clock menu more-arrow no yes

Filed under:

Rust Rare Coin owner pleads guilty to fraud in $200M silver trading scheme

Gaylen Rust to be sentenced in March

Rust Rare Coin owner Gaylen Rust pleaded guilty to fraud and money laundering in federal court.
Rust Rare Coin owner Gaylen Rust, pictured in this July 2010 photo, pleaded guilty to wire fraud, securities fraud and money laundering in federal court on Monday.
Matt Gillis, Deseret News

SALT LAKE CITY — The second of three owners of a Utah rare coins business federally indicted in a Salt Lake City-based Ponzi scheme has pleaded guilty.

Gaylen Dean Rust, 62, pleaded guilty Monday to wire fraud, money laundering and securities fraud, according to court records.

Rust and two others — his now ex-wife Denise Rust and son Joshua Rust — were indicted in May 2019 on multiple fraud and money laundering charges after federal investigators say the three conspired to defraud investors in a silver trading Ponzi scheme.

The three operated Rust Rare Coin, then a well-known rare coin business based in Salt Lake City. The business has since closed, as its business license expired in 2020, according to the Utah Division of Corporations and Commercial Code.

In addition to the coin business, Gaylen Rust owned and managed R Legacy Entertainment LLC, R. Legacy Racing Inc., R Legacy Investments LLC, R Legacy Ranch, and Legacy Music Alliance. He made generous donations to school music programs through the Legacy Music Alliance.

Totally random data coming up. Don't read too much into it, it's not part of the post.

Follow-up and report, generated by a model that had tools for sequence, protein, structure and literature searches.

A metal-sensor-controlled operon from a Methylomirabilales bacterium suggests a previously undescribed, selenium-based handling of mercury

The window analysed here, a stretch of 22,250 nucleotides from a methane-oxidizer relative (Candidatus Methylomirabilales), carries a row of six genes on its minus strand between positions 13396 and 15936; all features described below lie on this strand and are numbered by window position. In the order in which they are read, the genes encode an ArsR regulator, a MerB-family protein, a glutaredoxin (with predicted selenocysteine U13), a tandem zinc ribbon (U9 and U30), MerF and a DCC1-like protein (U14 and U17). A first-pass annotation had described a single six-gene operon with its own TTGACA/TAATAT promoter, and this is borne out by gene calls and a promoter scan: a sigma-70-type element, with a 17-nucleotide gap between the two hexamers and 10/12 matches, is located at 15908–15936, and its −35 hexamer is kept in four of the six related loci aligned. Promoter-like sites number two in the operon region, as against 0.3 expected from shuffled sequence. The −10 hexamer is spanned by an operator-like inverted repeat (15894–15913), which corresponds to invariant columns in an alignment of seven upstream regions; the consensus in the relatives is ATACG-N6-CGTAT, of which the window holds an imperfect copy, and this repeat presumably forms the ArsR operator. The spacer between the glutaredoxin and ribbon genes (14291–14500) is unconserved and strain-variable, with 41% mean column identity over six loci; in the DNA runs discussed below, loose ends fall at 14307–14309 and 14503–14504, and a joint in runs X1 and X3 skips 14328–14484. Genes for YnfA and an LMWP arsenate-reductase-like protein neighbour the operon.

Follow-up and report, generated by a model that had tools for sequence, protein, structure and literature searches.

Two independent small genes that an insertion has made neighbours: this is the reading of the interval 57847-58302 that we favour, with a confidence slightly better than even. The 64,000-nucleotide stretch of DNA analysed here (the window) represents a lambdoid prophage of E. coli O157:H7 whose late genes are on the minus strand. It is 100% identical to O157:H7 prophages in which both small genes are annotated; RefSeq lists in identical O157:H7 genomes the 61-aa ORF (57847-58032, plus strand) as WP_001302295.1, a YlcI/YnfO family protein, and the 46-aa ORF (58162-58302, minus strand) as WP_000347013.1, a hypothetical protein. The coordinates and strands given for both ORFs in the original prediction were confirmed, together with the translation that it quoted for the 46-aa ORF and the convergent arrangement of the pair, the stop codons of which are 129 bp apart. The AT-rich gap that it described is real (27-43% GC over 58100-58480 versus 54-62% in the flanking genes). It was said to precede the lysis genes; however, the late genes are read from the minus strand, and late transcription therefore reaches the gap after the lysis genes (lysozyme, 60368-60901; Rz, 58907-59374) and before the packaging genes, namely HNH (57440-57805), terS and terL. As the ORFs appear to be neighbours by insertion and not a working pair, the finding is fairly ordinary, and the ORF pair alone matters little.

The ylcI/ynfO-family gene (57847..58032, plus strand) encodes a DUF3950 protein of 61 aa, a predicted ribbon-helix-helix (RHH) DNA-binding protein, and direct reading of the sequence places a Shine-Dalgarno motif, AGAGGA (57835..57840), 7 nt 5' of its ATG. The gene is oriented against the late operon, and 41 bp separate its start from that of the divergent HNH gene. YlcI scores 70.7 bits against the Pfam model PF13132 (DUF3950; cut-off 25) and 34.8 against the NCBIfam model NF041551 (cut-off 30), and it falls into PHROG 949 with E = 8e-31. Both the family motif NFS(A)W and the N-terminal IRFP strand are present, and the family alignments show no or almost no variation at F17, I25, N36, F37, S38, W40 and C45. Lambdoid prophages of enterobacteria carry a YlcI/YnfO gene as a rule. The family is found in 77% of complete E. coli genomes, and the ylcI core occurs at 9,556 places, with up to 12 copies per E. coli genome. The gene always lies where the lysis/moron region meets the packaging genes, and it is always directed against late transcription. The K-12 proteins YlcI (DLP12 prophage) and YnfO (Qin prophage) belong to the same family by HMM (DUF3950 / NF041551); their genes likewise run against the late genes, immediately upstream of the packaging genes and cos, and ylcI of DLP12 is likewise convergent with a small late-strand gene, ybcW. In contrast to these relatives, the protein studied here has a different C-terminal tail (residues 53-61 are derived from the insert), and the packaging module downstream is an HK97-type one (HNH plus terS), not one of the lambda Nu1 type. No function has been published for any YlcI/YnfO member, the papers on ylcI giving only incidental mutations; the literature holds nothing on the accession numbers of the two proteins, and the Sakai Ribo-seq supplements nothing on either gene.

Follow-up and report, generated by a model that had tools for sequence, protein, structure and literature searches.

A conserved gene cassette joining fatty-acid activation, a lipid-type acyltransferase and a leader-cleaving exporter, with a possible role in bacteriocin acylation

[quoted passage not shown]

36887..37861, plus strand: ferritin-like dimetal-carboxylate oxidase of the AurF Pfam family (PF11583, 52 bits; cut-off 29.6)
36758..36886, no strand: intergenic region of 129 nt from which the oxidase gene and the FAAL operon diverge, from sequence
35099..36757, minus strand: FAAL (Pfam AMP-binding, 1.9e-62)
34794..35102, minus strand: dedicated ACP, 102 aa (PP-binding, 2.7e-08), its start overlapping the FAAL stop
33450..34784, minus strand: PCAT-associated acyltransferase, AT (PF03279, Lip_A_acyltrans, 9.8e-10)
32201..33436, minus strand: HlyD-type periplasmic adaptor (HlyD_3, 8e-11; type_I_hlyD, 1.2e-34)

Some of the alleged fraud victims — inside and outside Utah — came to invest in the silver pool through their shared membership in The Church of Jesus Christ Latter-day Saints, according to investors who filed a lawsuit in the case.

Charging documents allege that the Rusts sold investments to over 500 victims in 16 states and collected over $200 million in a scheme that began in 1996 and lasted until November 2018.

Federal prosecutors say the three told investors their money would be used to buy and trade silver, when instead most of the money went into other businesses, their personal accounts or to other investors. Despite taking money for silver purchases, Gaylen Rust was not licensed to sell securities or trade commodities.

The Rusts used money from new investors to pay returns to earlier investors, which is a Ponzi scheme, charging documents say. The alleged schemes also prompted a civil lawsuit filed by the Securities and Exchange Commission, Commodity Futures Trading Commission and Utah Division of Securities against the Rusts. The scheme also prompted investors to sue Zions Bank, claiming the bank aided the fraudulent business.

On June 25, 2020, Denise Rust pleaded guilty to money laundering. In September 2020, she was sentenced to serve 18 months in prison, followed by three years of supervised release. As of Monday, the case against Joshua Rust was still ongoing in federal court.

Gaylen Rust was not in police or jail custody as of Monday. His next court appearance will be for his sentencing hearing, which is slated to take place on March 8, 2022.